Much to my surprise and Spielberg's credit, the film sticks religiously (no symbolic reference intended) to Anderton's immediate world, which of course is filled with a lot of cool eye candy and technologically advanced gadgetry. A very creative look at what the future may have in store for us, society is ripe with eye identification scanners and interactive advertising (which is very cool). including song and dance cereal box characters that look a lot like those Mini-Wheat guys. A hot topic especially in the last decade, holographic imagery comes to life, preserving Anderton's family memories in transparent 3-D files. To say the least, Spielberg has crafted a very dark but believable future with a grounded sense of realism that's not too far fetched given some of today's strides in modern advancement.
Having proven himself to be more than just a pretty face with performances in Jerry Maguire and Magnolia, Tom Cruise is rock solid in the role of Precrime specialist, John Anderton. One of the more appealing aspects of the film is seeing Cruise jump into the skin of a tortured drug addicted cop on the run. certainly a nice break from the safe confines of superstar status. Although Cruise maximizes the role's potential, unfortunately, he's also bound by the film's pacing. In certain scenes when sympathetic emotional intent is clear, the film's fast paced storyline doesn't give Cruise time enough to shine, or the audience occasion to feel his pain. In addition to momentum, the story also suffers from certain logical loopholes with regard to the entire concept of "Precrime," leaving many unanswered questions when reflecting back on the plot, which could be interpreted as justification for such a fast paced adrenaline ride.
My main problem with Minority Report is the the film, at least the idea of it, should have never happened. We've run into this problem before with movies such as Terminator 2 and Back to the Future. Here's the problem; Anderton would have never went to kill Crowe had he not seen it in the Precrime room. But the Precogs show it to him as if he had planned it. That's another thing; the precogs only give an ample amount of time to catch these `murderers' when there is premeditation. In the opening scene, we are explained that when there is no premeditation, there is little time to stop there murders from happening. Assuming that Anderton didn't see his crime, and also assuming that Anderton was thrust into a position where he was face to face with Crowe, there would have been no premeditation. My problem is, again, Anderton would have never went to find (and kill) Crowe had he not seen it happen. So it would have never happened therefore never been shown to him. As much as I enjoyed Minority Report, the film left me bruised with a few bumps on the head after my theater chair also served as an ejection seat which, at times, launched me out of the movie to the roof, then back again. Believe me, too much exposition hurts. However, with a supporting cast that includes the great Max von Sydow as Precrime Director Burgess, Colin Farrell, Steve Harris from ABC's The Practice, Tim Blake Nelson, Samantha Morton and a slew of highly recognizable cameos, Minority Report isn't soft in the acting department.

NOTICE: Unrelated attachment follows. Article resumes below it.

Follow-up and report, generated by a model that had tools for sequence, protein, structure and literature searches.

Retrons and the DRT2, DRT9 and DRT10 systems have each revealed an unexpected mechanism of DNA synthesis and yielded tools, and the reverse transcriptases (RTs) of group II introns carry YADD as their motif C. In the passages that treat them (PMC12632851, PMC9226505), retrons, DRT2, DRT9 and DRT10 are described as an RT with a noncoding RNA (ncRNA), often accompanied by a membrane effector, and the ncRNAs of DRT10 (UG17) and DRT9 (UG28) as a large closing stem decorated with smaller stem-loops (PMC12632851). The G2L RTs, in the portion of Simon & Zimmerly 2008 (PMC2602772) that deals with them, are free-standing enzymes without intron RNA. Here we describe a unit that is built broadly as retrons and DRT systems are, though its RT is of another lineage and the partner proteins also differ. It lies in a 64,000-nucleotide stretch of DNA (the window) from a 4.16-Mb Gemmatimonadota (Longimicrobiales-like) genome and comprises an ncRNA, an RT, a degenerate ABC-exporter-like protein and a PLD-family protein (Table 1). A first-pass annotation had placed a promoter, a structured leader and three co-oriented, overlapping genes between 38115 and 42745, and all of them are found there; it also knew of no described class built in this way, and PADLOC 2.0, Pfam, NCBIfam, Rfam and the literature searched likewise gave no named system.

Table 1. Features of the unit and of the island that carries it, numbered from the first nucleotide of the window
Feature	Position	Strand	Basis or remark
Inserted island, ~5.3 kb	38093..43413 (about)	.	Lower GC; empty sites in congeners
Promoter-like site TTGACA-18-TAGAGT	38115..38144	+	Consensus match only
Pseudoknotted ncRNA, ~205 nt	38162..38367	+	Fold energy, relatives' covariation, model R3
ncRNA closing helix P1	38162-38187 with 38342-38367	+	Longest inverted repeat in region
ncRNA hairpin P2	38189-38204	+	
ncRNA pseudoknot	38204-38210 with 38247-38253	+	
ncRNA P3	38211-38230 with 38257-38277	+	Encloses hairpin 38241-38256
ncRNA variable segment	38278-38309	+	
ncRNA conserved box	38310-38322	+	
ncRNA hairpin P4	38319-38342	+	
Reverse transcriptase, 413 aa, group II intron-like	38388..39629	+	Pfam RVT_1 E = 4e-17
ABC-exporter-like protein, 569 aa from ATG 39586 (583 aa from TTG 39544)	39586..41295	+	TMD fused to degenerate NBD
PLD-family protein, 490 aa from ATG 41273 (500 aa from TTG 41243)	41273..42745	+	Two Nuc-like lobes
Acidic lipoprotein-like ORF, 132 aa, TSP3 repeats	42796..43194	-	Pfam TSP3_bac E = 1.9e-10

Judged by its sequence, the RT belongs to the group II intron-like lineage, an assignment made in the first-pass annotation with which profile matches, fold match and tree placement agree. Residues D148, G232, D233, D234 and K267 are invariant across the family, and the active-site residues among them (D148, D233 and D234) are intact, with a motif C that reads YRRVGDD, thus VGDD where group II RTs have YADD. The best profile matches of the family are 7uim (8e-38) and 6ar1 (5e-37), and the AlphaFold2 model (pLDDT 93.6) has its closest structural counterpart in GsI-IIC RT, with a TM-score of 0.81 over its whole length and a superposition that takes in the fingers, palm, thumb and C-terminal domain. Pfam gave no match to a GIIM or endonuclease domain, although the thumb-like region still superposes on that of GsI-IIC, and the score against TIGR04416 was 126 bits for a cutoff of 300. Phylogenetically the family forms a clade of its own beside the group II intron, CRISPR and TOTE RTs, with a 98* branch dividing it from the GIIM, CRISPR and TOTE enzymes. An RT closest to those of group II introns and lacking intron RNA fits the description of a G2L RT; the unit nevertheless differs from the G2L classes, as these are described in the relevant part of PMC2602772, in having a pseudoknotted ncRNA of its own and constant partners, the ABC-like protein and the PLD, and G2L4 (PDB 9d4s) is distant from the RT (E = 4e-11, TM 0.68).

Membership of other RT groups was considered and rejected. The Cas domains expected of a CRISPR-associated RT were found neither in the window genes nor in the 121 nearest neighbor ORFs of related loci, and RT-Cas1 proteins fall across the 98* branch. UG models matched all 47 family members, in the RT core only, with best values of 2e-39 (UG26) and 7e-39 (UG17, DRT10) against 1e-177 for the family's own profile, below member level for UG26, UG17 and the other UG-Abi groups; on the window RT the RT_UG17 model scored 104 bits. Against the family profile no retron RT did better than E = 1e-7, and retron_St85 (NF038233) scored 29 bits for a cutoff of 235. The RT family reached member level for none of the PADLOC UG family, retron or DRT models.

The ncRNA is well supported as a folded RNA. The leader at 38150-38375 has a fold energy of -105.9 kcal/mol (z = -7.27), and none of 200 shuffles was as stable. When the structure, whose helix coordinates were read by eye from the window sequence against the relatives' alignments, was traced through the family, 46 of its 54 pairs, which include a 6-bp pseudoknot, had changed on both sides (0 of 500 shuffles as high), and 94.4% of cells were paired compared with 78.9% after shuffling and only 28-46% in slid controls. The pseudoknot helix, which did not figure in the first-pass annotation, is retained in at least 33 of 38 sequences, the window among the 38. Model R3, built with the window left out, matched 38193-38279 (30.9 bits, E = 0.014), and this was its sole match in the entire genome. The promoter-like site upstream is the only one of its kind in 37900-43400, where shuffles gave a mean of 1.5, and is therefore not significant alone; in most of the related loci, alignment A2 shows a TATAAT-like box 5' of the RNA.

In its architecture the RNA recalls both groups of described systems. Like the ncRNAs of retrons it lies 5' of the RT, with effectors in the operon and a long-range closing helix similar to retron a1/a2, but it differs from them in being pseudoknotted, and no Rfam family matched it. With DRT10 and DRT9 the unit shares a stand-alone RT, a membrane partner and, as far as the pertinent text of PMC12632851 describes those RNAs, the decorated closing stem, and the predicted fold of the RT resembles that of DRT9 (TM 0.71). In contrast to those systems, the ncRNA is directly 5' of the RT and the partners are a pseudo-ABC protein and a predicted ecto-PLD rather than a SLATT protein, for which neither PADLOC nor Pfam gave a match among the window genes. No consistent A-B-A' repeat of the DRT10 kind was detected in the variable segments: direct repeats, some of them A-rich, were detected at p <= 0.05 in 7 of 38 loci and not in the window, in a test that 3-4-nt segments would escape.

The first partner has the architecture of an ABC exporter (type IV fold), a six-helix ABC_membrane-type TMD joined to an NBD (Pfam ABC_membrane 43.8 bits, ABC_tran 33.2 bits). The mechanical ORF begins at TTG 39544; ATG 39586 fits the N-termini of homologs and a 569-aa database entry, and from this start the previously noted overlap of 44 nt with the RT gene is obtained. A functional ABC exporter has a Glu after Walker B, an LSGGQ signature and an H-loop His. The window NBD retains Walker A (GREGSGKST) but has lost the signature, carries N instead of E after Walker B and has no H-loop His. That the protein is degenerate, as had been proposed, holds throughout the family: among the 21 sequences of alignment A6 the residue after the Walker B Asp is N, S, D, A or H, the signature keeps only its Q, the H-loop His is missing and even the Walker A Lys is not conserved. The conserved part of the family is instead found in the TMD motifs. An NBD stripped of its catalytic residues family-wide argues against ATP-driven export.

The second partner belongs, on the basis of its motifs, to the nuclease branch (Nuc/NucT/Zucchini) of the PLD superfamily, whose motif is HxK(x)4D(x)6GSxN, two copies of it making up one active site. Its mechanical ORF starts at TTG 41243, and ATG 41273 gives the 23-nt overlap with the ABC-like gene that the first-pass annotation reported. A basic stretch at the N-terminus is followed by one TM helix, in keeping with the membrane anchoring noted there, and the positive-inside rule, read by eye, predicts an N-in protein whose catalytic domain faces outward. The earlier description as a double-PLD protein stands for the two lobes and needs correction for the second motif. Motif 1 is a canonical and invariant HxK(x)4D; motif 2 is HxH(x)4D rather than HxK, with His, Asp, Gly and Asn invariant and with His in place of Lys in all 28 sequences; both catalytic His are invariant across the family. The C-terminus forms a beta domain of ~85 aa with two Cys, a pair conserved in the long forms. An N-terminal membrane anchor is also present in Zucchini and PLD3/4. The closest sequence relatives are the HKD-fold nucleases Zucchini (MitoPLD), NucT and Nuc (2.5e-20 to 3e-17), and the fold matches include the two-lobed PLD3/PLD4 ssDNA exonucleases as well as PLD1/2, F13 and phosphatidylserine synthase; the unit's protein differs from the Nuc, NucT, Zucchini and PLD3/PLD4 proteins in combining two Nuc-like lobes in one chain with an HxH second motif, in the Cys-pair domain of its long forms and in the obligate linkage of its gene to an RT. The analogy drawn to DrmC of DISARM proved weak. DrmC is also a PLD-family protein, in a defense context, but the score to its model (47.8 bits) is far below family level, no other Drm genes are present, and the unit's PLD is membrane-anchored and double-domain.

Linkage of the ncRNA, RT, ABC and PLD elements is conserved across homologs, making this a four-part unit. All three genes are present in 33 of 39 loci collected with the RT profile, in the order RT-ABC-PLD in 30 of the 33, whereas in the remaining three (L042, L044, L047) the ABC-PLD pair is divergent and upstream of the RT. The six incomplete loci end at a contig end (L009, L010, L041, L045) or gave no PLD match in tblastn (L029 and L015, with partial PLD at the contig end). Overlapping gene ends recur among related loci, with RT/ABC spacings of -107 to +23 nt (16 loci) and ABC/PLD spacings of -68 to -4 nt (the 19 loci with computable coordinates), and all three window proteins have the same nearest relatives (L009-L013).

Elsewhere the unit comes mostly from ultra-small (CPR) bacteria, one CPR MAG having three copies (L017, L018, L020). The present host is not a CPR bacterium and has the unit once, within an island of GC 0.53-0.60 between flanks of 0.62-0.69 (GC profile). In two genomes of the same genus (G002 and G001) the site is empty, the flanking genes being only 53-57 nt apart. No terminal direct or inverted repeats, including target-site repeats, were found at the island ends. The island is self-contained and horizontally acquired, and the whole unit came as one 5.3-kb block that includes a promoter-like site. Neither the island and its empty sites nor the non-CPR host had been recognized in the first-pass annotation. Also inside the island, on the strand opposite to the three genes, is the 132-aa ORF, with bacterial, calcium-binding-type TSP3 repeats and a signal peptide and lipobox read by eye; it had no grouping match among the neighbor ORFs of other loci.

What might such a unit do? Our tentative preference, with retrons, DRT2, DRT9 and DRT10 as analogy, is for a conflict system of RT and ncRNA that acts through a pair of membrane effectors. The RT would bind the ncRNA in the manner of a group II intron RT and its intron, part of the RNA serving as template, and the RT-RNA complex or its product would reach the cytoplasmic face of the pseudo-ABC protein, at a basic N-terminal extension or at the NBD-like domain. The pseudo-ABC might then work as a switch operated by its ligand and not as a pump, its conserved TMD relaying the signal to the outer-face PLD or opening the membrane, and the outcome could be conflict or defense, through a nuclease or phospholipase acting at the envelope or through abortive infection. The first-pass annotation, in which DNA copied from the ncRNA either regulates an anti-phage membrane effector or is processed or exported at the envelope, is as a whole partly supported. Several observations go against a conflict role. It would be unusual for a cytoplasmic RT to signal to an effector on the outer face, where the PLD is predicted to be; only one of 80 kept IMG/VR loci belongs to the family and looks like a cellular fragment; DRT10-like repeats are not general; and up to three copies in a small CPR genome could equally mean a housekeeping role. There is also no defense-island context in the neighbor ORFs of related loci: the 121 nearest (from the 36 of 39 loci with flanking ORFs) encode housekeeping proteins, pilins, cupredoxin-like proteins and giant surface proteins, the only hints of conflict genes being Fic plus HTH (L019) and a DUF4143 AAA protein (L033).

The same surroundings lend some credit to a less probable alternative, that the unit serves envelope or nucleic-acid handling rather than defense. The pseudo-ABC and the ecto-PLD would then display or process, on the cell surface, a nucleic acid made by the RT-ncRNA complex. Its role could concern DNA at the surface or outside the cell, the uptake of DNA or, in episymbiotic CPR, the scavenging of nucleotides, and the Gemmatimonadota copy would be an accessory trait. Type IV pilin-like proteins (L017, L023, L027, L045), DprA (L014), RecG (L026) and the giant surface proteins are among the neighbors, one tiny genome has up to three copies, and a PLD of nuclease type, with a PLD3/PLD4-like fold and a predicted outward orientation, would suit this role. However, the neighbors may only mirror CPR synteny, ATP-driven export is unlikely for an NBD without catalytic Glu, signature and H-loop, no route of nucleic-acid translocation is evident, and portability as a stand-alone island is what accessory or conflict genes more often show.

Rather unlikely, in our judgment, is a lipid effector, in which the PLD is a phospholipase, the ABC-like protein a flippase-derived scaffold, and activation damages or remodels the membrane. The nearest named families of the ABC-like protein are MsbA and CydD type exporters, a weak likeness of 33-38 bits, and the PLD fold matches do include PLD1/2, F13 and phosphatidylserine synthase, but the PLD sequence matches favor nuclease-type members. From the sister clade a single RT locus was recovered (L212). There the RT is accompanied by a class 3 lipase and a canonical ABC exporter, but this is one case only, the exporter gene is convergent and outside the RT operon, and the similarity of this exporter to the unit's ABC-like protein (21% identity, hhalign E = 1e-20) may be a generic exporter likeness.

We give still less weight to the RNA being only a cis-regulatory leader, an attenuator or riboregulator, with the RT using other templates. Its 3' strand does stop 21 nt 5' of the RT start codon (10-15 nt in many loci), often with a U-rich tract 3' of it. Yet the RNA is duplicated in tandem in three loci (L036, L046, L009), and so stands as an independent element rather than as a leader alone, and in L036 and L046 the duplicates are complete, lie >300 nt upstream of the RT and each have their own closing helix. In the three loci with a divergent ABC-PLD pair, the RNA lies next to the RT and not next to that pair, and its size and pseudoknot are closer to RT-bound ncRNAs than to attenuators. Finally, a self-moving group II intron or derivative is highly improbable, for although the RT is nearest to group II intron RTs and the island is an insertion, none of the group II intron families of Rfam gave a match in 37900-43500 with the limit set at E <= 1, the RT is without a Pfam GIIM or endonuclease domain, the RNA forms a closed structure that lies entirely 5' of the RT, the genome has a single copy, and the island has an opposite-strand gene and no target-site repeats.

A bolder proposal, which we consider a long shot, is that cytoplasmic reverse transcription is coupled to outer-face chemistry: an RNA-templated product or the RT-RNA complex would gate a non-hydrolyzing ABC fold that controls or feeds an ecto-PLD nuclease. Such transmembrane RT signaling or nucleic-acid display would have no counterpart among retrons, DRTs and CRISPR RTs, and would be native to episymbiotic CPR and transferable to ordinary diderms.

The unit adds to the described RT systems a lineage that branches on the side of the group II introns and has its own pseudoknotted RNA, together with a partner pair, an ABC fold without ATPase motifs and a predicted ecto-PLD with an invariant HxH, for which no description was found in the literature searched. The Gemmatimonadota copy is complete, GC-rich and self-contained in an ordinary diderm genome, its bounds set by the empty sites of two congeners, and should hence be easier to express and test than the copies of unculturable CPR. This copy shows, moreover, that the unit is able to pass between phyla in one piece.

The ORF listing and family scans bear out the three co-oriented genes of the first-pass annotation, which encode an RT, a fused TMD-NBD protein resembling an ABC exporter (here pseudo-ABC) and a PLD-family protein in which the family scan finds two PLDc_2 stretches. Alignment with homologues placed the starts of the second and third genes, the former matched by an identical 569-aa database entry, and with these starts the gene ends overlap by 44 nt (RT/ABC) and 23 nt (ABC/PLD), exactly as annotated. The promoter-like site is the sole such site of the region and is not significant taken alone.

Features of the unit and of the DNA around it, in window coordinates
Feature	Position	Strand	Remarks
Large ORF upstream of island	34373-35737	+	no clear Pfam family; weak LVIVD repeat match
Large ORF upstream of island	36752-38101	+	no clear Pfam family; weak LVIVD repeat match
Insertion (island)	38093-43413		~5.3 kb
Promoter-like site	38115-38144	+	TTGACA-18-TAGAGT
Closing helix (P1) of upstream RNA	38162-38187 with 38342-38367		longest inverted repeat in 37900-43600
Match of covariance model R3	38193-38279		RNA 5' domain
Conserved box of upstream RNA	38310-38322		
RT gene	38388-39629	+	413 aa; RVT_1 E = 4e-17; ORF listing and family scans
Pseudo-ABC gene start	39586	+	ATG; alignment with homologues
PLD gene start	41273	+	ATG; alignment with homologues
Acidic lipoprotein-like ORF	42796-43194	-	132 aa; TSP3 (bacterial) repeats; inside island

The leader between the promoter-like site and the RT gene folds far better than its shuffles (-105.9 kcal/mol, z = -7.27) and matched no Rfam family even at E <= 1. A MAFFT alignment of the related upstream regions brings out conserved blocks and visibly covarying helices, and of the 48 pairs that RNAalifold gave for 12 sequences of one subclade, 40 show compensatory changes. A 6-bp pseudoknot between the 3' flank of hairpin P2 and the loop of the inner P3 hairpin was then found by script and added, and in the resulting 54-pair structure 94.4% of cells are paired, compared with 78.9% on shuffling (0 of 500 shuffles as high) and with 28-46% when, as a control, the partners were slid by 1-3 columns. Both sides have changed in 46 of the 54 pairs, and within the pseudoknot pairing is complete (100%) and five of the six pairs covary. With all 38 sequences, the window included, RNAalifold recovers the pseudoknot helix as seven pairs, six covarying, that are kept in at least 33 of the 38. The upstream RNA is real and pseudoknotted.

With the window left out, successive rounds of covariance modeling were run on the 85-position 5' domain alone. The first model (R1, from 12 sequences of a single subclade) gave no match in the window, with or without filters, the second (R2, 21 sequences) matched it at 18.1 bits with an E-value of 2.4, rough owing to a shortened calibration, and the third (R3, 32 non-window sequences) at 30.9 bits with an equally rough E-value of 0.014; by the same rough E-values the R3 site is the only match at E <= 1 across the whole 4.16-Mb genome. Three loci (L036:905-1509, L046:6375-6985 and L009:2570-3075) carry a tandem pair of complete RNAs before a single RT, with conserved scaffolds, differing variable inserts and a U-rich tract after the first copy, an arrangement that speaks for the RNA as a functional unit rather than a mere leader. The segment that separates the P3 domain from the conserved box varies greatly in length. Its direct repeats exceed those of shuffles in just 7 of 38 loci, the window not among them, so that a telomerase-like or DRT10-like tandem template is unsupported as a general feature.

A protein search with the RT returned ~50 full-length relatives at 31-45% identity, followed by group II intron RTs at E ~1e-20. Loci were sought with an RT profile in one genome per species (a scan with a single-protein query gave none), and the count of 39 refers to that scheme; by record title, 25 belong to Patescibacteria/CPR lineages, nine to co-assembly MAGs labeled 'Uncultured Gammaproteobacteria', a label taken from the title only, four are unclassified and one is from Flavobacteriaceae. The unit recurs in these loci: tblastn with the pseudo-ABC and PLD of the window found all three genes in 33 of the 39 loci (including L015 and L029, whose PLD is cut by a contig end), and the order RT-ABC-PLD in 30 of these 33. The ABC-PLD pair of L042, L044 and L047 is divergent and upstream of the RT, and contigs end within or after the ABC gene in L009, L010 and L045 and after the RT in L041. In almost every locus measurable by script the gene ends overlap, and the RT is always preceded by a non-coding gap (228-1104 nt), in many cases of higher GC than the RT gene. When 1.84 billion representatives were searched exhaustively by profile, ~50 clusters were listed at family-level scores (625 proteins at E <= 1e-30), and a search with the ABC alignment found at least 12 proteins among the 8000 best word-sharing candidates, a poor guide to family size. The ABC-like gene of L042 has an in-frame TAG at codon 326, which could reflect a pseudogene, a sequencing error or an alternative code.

At times, Minority Report also upholds a level of class and orchestral dignity as Anderton also serves as a visual conductor to John Williams' haunting, mysterious and heart pounding score via visual precognition. With famed cinematographer Janusz Kaminski working his magic, Minority Report's presentation is second to none in visual appearance. From this reviewer's perspective, Minority Report represents a new benchmark in the science fiction genre in subject matter and visual appeal. I admire the places Spielberg is willing to explore as a director. Sure, he could make "E.T. 2" but instead, he chooses to take on challenging films such as this. Simply put, Minority Report is an impressive visual extravaganza that takes the mind on a cerebral action packed ride into the future.